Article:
Make Your Own Zodiac

When many people think of the zodiac, they think of newspaper sections that tell you how your day will go based on what month you were born in.  But that’s just one way the astrological signs are used, and zodiacs (most notably the Latin one and the Chinese one) incorporate many different topics and features.  Whether you place any stock in astrology or consider it a bunch of baloney, the concept of matching elements, ideas, and symbols from various topics can be a great way to put your students’ knowledge to the test and to expand it.

Don’t worry about the original zodiacs so much, and forget about divination; instead, consider the different building-blocks for a zodiac, and let your students find patterns and create their own.

This project probably works best if students are in groups of two or three.

Getting Started

In the Latin zodiac, people are placed into categories based on their birth-month.  In the Chinese one, it’s based on their birth-year.  Your students should determine the qualifications for their own zodiac.  Maybe it’s the time of day someone was born.  Or how long they can hold their breath.  Or the first letter of their name.  Or maybe it’s something each person could choose, like their favorite article of clothing or school subject.  The possibilities are wide open.

Aim for about 12 categories (I wouldn’t go more than 15 or much less than 8).

Assigning Symbols

Next the students should consider different types of symbols, and assign one symbol from each type to every category.  Here are some different subjects the students could choose from:

    • animals (including fictional ones)
    • colors
    • planets
    • characters (maybe instead of mythological identities, they can choose from their favorite fandom)
    • gemstones
    • shapes
    • flowers
    • geological feature


Students don’t need to consider all of these; maybe two or three will suffice.  Or you might want to be the one that decides which subjects your class should use.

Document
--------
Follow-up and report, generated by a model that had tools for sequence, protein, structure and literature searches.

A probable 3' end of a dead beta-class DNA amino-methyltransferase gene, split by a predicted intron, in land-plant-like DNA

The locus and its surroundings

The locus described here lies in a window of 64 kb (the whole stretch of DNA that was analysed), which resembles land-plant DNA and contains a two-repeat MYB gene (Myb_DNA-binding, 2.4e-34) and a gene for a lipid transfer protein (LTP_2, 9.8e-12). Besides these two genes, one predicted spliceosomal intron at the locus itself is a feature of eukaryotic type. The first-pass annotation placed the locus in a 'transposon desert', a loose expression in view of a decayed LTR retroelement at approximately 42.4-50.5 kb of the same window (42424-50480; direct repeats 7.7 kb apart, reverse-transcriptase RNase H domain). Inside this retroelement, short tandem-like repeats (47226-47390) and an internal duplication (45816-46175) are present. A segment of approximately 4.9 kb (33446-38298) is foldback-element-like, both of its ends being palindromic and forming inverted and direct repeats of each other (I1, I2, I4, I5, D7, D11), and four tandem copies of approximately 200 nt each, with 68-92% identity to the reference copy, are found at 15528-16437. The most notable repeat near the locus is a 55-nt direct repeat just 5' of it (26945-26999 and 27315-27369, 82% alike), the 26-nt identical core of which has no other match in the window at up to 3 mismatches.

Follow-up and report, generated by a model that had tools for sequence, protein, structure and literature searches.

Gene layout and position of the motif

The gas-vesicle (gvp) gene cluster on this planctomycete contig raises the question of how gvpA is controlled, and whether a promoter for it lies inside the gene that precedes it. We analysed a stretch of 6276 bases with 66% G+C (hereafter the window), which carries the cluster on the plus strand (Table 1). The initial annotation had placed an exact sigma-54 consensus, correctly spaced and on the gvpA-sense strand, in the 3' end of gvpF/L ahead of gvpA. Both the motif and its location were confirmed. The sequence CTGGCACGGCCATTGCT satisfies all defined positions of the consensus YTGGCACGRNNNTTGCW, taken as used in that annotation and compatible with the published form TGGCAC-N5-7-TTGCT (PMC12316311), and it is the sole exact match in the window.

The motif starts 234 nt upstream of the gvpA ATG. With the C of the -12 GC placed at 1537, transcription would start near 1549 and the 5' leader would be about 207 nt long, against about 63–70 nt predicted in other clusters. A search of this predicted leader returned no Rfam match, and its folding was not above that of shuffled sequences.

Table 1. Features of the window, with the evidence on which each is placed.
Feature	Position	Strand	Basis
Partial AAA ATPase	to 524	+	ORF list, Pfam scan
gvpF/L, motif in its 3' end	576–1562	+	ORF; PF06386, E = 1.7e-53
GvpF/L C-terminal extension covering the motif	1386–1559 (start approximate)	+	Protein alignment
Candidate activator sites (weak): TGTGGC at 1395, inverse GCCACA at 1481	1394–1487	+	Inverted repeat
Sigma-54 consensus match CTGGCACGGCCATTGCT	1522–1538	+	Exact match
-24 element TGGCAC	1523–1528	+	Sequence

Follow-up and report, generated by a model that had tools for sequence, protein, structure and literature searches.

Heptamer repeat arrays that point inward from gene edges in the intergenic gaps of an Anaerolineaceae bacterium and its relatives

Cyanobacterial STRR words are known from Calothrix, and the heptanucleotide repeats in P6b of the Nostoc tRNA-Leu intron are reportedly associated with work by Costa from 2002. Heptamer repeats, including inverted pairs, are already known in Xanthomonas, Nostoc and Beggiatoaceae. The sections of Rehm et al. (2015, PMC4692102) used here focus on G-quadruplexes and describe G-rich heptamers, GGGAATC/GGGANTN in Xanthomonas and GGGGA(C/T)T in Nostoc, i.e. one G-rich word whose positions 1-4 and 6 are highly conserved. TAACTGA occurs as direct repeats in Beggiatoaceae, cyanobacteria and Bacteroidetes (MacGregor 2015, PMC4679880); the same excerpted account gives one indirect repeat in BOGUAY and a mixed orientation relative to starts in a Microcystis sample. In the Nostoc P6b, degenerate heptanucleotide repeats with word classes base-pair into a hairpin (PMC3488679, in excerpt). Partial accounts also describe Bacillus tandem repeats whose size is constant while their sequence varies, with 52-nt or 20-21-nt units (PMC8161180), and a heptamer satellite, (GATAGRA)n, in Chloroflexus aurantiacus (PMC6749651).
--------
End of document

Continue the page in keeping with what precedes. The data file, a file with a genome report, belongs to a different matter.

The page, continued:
Attributing Traits

Your students could also consider which traits might be common for people of that category.  Here are some ideas (if you use one for any category, you’ll need to use it for the rest of them as well).

    • personality (smart, funny, kind, adventurous, etc.)
    • physical traits (strong, fast, beautiful, etc.)
    • skills (social, musical, artistic, scientific, mathematical, etc.)
    • superpowers (kids can get silly with this one)


You may want to encourage students to only use positive traits.

Also, a single trait can appear in more than one category, so long as those category don’t have more than just that one trait in common.  In other words, traits don’t need to be unique, but the collection of traits applied to any category does need to be unique.

Syncing Traits and Symbols

All these elements shouldn’t simply be thrown together haphazardly; there should be some reason to it.  Students need to think about what goes together (and should be able to defend their decisions later).

Here’s an example:  Suppose we start with the personality trait of cool, calm and collected.  What animal might fit that?  Otters.  They like to just chill in the water, having a good time.  As for colors, blue is a ‘cool’ color, and it’s very calming to see blue.

Or maybe peacocks, beautiful, beaches, and roses go together.  There’s not a right answer here; it’s up to the students’ subjective reasoning.  As long as they do have a reason, it’s fine.

Advanced Considerations

If you want to give you students more of a challenge, don’t let their decisions be purely subjective.  Require that they do a survey.

Once they’ve determined their categories, students can ask other people in their school what their favorite colors are, what animals they think they resemble, what skills they have, etc.  Once they’ve collected the results, the students should try to find patterns.  For example, they may find that people born in the month of June (at least among their friends and schoolmates) tend to be musicians and/or love mountains.  The patterns they find can then fit into the zodiacs.

Displaying the Zodiac

The most logical way of compiling the features is likely in a table.  But a simple google image search can give your students more ideas.  Make them think of how to communicate their information visually, but in a way that’s easy for readers to find the details of their own categories.  The symbols should probably be expressed through images, while traits can be written.

Once it’s ready, you could have each team present their zodiac to the class, or you could have individual students look at their category in other people’s zodiacs and see if there’s anything interesting (perhaps one zodiac hits the nail on the head for them, or perhaps multiple zodiacs agree on one particular trait or symbol).

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